Parting Reflections, 3 of 3: Next Step

August 21, 2012

You didn’t really think I’d forget about Part 3 did you? Here’s my final blog post. The “big reveal” and Yale SOM’s role in getting me there, after the jump. Precisely three months after graduation – three wonderful months of rest, reconnection, and reflection – I have finally decided where I’m headed next.

Applying to business school in 2009, I wrote about wanting to work in Vietnam. 34 years prior, my mother had barely escaped the country before it launched its failed experiment with Communism (it began shifting to a mixed economy in the late 1980s; that process is still ongoing).

When I looked across the ocean and saw what my life could have been had I not been born in the U.S., it inspired me to share access to the opportunities and freedoms I’ve enjoyed. So – supported by a Yale SOM grant and encouraged by various faculty and classmates – I interned there in venture capital and corporate strategy, explored an idea for a social enterprise, plugged myself into Yale’s local alumni network, and even helped plan a trip for 20+ SOM students to learn about economic development there. I’ve since accrued a number of employment offers through hard wandering, generous connections, and sheer luck. The multidisciplinary education I received at Yale SOM helped me successfully pitch myself for a variety of roles, ranging from senior associate at a venture capital firm to director of a 200-person operations team at an e-commerce company. (That said, I also received a healthy dose of humility in this increasingly competitive job market. For every option I got there were 3-4 that I did not get).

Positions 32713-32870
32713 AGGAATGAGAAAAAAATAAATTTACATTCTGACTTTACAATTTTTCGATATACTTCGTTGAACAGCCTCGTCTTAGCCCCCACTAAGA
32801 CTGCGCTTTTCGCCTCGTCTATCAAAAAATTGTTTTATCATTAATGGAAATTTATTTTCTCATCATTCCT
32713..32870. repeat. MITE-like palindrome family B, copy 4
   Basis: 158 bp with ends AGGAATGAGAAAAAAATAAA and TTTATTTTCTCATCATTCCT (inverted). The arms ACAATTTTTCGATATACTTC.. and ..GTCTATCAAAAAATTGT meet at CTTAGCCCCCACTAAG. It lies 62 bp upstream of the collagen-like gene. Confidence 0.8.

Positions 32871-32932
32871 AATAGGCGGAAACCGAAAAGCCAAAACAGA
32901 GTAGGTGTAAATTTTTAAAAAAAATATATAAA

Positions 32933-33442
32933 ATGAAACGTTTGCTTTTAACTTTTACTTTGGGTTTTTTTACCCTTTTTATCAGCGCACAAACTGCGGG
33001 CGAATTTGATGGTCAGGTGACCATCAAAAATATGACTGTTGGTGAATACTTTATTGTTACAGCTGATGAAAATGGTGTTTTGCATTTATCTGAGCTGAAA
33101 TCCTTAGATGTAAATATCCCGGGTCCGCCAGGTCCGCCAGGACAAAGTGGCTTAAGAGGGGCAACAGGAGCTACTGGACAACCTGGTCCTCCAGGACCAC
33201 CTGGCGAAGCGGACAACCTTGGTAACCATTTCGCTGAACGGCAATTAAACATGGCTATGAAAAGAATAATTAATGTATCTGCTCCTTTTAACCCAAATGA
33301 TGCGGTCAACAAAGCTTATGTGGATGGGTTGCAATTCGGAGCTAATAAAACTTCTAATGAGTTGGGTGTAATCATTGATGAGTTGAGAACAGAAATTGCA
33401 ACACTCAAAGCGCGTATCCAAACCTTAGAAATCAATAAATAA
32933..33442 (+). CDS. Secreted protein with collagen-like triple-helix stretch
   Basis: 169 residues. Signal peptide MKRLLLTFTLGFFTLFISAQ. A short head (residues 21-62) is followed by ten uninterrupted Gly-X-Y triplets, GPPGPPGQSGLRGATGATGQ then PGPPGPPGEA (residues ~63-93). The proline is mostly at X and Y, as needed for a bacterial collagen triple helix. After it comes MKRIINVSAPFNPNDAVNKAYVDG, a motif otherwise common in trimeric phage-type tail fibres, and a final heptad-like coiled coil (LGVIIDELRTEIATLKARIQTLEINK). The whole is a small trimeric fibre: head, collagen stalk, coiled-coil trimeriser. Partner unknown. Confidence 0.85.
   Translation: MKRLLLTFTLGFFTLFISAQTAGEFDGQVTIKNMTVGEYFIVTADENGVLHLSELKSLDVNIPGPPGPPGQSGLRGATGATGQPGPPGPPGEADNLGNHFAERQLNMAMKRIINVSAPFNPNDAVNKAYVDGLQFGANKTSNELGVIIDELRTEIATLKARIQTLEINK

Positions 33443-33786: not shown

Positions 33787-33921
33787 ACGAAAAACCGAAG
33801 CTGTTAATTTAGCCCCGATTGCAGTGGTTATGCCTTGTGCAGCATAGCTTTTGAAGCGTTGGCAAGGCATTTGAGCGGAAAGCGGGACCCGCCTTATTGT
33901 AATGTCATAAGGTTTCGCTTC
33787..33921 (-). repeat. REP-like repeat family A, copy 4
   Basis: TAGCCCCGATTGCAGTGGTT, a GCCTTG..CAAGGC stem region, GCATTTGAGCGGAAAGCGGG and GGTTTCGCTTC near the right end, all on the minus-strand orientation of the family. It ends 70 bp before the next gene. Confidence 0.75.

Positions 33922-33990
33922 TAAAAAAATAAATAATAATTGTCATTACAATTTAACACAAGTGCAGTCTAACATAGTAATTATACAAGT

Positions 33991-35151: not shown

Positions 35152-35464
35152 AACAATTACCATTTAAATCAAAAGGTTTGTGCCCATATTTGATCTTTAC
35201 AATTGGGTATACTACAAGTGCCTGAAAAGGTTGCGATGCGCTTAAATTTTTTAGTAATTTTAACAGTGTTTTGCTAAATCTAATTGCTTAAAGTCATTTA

Ultimately, I’ve decided to do strategic planning and M&A work for Megastar Media. The company, which has become Vietnam’s largest theater chain just 6 years after its founding, was bought in 2012 by Korea’s CJ E&M to serve as the foundation of what it hopes will become Southeast Asia’s media content and distribution powerhouse. There were many pros, like joining an entrepreneurial subsidiary backed by a well-financed parent, having very clear upward opportunities, paying off my loans in just 2 years, retaining a fantastic work-life balance, and traveling to exotic destinations with relative ease (I’m already thinking about trips to charming Kyoto, idyllic Bali, newly-opened Myanmar, etc.). That said, I did have significant reservations about leaving the U.S. (see below) and also about the limited degree of direct positive social impact. On the latter, my trusted advisers reminded me that a) sometimes the best approach to strengthen liberty is indirect (i.e. in my case, promoting free expression by developing local capacity to produce and distribute content as opposed to, say, picketing in front of the Prime Minister's office) and b) if that’s not enough for me, I can supplement with non-work activities (i.e. in my case, advising organizations that promote local entrepreneurial capacity, and lobbying for support for victims of chemical weapons).

I won’t be away forever. The U.S. is my home. Filial piety will call me back to my parents as they enter the twilight of their lives. Patriotism compels me, even as I pack my bags, to think about ways to alleviate the systemic struggles of our country. And naturally, my entrepreneurial fire drives me to seek the revolutionary over the incremental. (All cheesy, all true). I close with this from former U.S. President (and Yale alum) Bill Clinton, originally communicated to my graduating college class but of equal relevance to Yale SOM students:

“Be true to the tradition of the great people who have come here. Spend as much of your time and your heart and your spirit as you possibly can thinking about the 99.9 percent. See everyone and realize that everyone needs new beginnings. Enjoy your good fortune. Enjoy your differences, but realize that our common humanity matters much, much more.”

I’ve enjoyed blogging about my good fortune in attending Yale SOM. It is truly unique among business schools and will only become more exceptional in the years to come. Of course, deciding on business schools is intensely personal. I’m well aware that not all who read these words will end up going to Yale or any business school for that matter. But I hope that, wherever we all end up, we hold tightly to that common humanity. Thanks for reading! Note: You can find me on LinkedIn and Twitter.

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Eddie Thai